Construction Law Blog

Blending of Public and Private Construction – Proceed With Caution

 

 

 

 

 

 

 

 

 

 

 

Traditionally, New York Construction Law sets separate rules of engagement for public projects (where the owner is a public entity) and those that are private construction projects (where the owner is a private individual or corporation). Given these two distinct camps, it has been easy to classify a project as either a public project or a private one. For contractors, subcontractors and suppliers, knowing which rules of engagement pertain to them is essential to avoid making costly mistakes.

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Judge tosses lawsuit against Belmont Park project

Rendering of Belmont Park project courtesy of Empire State Development. Long Island Construction Law did not create this content. This article was written by The Associated Press, and was published to the Long Island Business News on May 14th, 2020.

A State Supreme Court judge has tossed a lawsuit that sought to stop construction on the $1.3 billion Belmont Park arena project, ruling against the claims of the Village of Floral Park and local civic groups that contested the state’s process in approving the development.

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What Design Professionals Should Consider Before Filing a New York Mechanic’s Lien

Like contractors and material suppliers, architects and engineers are provided lien rights under New York law to secure payment for authorized professional services rendered. Although the architect or engineer has provided professional services, as compared to materials or labor, their need to comply with the same timeframes and filing requirements still apply.

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Protections Provided to Contractors and Architects Under New York’s Economic Loss Rule

In a nutshell, the  “economic loss rule” is a rule that courts use to prevent a plaintiff from against a defendant for a tort (usually negligence) when the essence of the claim is for failure to live up to the terms of a contract.

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NY Supreme Court Strikes Contractor Liability Limitation Provision

                                  Image: (J. Scott Applewhite/AP) 2019.

Many contractors and subcontractors go about their work feeling protected from claims for damages because their agreements contain certain exclusions. Some of these agreements will even have language stating ‘Not responsible for [X, Y, and Z]’. But the ruling handed down February 14, 2012, by the Supreme Court, Nassau County serves as a reminder that contractual indemnity provisions are more of a privilege than a right, and are not subject to enforcement automatically.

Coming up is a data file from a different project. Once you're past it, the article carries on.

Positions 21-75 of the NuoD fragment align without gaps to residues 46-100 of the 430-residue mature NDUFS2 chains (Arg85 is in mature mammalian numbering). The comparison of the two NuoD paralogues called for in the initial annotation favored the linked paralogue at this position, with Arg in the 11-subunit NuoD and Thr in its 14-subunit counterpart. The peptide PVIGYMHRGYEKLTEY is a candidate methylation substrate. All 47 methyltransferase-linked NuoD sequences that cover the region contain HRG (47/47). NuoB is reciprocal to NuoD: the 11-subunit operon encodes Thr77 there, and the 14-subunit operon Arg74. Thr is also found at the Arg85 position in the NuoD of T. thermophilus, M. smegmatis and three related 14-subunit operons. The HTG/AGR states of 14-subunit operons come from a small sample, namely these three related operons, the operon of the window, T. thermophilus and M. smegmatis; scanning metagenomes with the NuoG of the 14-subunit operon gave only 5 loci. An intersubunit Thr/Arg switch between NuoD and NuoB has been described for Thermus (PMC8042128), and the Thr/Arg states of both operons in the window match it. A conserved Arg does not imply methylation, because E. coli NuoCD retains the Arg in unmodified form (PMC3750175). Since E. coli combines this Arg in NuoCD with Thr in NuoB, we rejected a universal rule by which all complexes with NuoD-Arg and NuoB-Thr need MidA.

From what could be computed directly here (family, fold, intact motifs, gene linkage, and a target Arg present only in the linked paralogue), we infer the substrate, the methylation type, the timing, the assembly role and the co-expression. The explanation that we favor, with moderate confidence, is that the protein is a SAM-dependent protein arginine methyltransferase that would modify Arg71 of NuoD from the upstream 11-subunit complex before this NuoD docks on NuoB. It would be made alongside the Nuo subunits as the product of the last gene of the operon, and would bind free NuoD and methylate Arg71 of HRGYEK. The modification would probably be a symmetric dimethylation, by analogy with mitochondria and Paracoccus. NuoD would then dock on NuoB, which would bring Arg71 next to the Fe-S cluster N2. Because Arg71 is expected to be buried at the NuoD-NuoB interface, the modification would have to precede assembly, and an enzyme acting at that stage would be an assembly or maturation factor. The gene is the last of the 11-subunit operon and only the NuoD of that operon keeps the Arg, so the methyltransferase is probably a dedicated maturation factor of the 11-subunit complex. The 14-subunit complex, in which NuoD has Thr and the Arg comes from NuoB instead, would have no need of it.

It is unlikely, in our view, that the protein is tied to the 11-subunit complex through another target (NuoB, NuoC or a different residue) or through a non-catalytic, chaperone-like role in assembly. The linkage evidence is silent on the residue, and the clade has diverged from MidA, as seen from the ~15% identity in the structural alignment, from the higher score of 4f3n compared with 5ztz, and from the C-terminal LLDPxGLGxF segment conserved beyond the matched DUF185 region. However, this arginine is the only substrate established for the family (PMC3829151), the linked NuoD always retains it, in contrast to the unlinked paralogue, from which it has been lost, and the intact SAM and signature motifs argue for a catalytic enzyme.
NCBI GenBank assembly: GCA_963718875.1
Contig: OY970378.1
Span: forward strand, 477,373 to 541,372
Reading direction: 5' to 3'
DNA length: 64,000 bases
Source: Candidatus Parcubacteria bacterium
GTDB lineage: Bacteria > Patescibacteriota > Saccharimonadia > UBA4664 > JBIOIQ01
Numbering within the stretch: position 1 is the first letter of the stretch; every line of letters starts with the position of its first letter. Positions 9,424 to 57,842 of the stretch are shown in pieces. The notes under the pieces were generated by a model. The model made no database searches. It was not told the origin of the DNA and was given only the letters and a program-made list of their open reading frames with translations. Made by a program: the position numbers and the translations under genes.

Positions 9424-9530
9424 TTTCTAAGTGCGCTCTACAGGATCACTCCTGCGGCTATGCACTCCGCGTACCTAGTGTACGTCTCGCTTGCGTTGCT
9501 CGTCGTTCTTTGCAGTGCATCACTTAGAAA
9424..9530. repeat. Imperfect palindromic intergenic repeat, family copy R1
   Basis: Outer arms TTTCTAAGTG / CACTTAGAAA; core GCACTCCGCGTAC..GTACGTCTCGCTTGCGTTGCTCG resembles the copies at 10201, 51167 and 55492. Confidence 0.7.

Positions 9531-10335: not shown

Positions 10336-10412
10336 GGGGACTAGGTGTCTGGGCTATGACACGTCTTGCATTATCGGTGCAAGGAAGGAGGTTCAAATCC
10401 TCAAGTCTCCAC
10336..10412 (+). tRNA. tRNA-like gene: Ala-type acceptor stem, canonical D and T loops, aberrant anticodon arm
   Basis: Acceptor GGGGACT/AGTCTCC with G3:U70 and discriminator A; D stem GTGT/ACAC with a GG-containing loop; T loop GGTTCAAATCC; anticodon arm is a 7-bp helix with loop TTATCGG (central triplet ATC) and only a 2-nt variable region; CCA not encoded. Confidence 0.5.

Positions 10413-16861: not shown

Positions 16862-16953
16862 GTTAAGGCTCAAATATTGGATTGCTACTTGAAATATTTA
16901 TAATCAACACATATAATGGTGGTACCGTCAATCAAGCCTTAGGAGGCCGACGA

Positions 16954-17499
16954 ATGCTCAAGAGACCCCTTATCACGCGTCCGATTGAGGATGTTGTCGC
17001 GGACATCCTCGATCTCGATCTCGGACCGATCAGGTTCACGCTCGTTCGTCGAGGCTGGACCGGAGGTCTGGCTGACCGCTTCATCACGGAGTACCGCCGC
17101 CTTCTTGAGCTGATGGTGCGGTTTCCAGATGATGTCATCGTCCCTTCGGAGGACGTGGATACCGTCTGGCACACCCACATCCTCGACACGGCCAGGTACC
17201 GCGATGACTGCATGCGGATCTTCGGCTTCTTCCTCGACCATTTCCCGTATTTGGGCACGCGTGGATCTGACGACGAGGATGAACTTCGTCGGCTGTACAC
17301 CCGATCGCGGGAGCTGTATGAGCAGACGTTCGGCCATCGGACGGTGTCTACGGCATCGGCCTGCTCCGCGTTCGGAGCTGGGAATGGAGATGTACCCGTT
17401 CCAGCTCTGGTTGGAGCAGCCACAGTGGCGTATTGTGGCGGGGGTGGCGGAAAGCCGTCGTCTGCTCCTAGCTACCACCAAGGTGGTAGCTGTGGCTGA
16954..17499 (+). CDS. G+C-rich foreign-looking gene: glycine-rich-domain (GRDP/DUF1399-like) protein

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Construction Contract Document Conflict

 

Given the large number and variety of documents required to administer a construction project today (plans, specifications, contracts, etc.), the likelihood of discrepancies arising between these different sources is almost unavoidable.

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Toxic Risks in Home Renovations

Renovating Carries Toxic Chemical Risks, but Hazards Can Be Minimized

During any home renovation project, care should be taken to protect the home’s residents from any toxic substances that might be removed or installed. Lead, asbestos and other harmful substances lurk in many homes and could cause serious health problems if disturbed. Here’s a look at some of the most common hazardous chemicals homeowners are faced with during remodeling and what can be done to reduce those risks.

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Construction Plans and Architectural Designs

Drawing: Electrical layout of office building. (Tanner-Linscott & Associates, Architects.)

It’s one thing to say what you want in your construction project, but it is another thing to properly document your dream design on paper in the form of legitimate construction plans. Within this article, you will have a better understanding of what is included in detailed construction plans, as well as the understanding of common symbols used in the architectural industry. Whether you are a project owner or contractor, always remember your construction drawings take precedence over performance specifications in the state of New York.

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US Home Construction Falls 22.3% in March

Content: Long Island Construction Law did not create this content. This article was written by The Associated Press, and was published to the Long Island Business News on April 16th, 2020.

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